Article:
Wednesday, November 3, 2004
New Trial on Firearms Charge Properly Denied—Ninth Circuit
Court Rejects Contention That Order Vacating Underlying State Felony Conviction Undermined Outcome
By DAVID WATSON, Staff Writer
A state court order vacating a felony conviction nunc pro tunc does not require a federal judge to grant a defendant a new trial on charges of being a felon in possession of a firearm, the Ninth U.S. Circuit Court of Appeals ruled yesterday.
The court affirmed the conviction of Nicholas Padilla, who was arrested by Los Angeles police officers after a traffic stop in 2001. Officers said Padilla discarded a .38 caliber revolver before fleeing on foot with a companion.
The federal weapons charge, under 18 U.S.C. Sec. 922(g)(1), was premised on Padilla’s 1997 conviction for possessing cocaine for sale. Padilla was tried and convicted of the weapons offense in federal court in July of 2002, but about six months later he succeeded in obtaining a Los Angeles Superior Court order vacating the earlier drug conviction “nunc pro tunc to January 9, 1997.”
The order was based on the fact that Padilla had been tried as an adult on the state charge, but was actually a minor at the time.
After obtaining the order, Padilla asked for a new trial, but U.S. District Judge Nora M. Manella of the Central District of California denied the motion.
In his opinion for the Court of Appeals, Senior Judge William C. Canby, Jr. said Manella’s ruling was correct.
Canby noted that the U.S. Supreme Court ruled in Lewis v. United States, 445 U.S. 55 (1980), that a constitutionally invalid conviction, though subject to collateral attack, could still serve as a predicate conviction for a weapons possession charge.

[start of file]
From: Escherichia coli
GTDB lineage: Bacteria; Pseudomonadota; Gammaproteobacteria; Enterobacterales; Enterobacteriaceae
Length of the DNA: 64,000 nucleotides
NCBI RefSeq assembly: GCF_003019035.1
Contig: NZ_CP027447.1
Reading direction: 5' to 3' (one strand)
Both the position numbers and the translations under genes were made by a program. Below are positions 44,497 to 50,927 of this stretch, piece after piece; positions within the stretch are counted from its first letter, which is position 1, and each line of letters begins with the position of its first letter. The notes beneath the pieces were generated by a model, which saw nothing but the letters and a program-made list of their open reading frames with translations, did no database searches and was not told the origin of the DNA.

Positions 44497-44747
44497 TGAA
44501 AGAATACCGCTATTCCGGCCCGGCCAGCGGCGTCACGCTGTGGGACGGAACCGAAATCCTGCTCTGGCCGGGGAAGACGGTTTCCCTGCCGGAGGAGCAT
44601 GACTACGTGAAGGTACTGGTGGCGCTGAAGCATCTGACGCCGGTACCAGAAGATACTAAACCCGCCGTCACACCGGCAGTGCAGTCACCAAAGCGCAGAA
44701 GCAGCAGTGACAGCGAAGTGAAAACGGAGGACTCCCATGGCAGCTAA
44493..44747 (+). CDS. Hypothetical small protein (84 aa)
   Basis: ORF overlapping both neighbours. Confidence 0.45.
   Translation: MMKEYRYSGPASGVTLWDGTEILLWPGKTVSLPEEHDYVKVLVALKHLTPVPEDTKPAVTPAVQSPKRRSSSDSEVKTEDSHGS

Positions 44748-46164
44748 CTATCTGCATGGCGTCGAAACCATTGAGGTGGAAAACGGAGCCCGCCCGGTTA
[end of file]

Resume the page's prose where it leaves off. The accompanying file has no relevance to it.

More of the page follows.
“Thus,” the appellate jurist declared, “the only relevant circumstance for present purposes is Padilla’s status as a convicted felon at the time he possessed a firearm. The state court’s later order, nunc pro tunc or not, has no effect on that status....Because the record is clear that Padilla’s state felony conviction was not invalidated until after his federal conviction, the federal conviction stands.”
Canby dismissed Padilla’s contention that the defect in his conviction was more fundamental than that involved in Lewis. Since the adult court lacked jurisdiction over him, the drug conviction was void ab initio, the defendant argued.
“We reject this argument for several reasons. First, we are not convinced that the flaw in Padilla’s state conviction was any more fundamental than that in Lewis, which involved a conviction attended by a denial of the right to counsel. Second, as Padilla concedes, the state court did not lack subject matter jurisdiction over his case; the only ‘jurisdictional’ question concerned which division of the state court should exercise the subject matter jurisdiction that the court unquestionably had over his case. Third, the policy and congressional purpose of [Sec.] 922(g) are served by requiring a felon to clear his felony record before possessing a firearm no matter what infirmity infects his conviction.”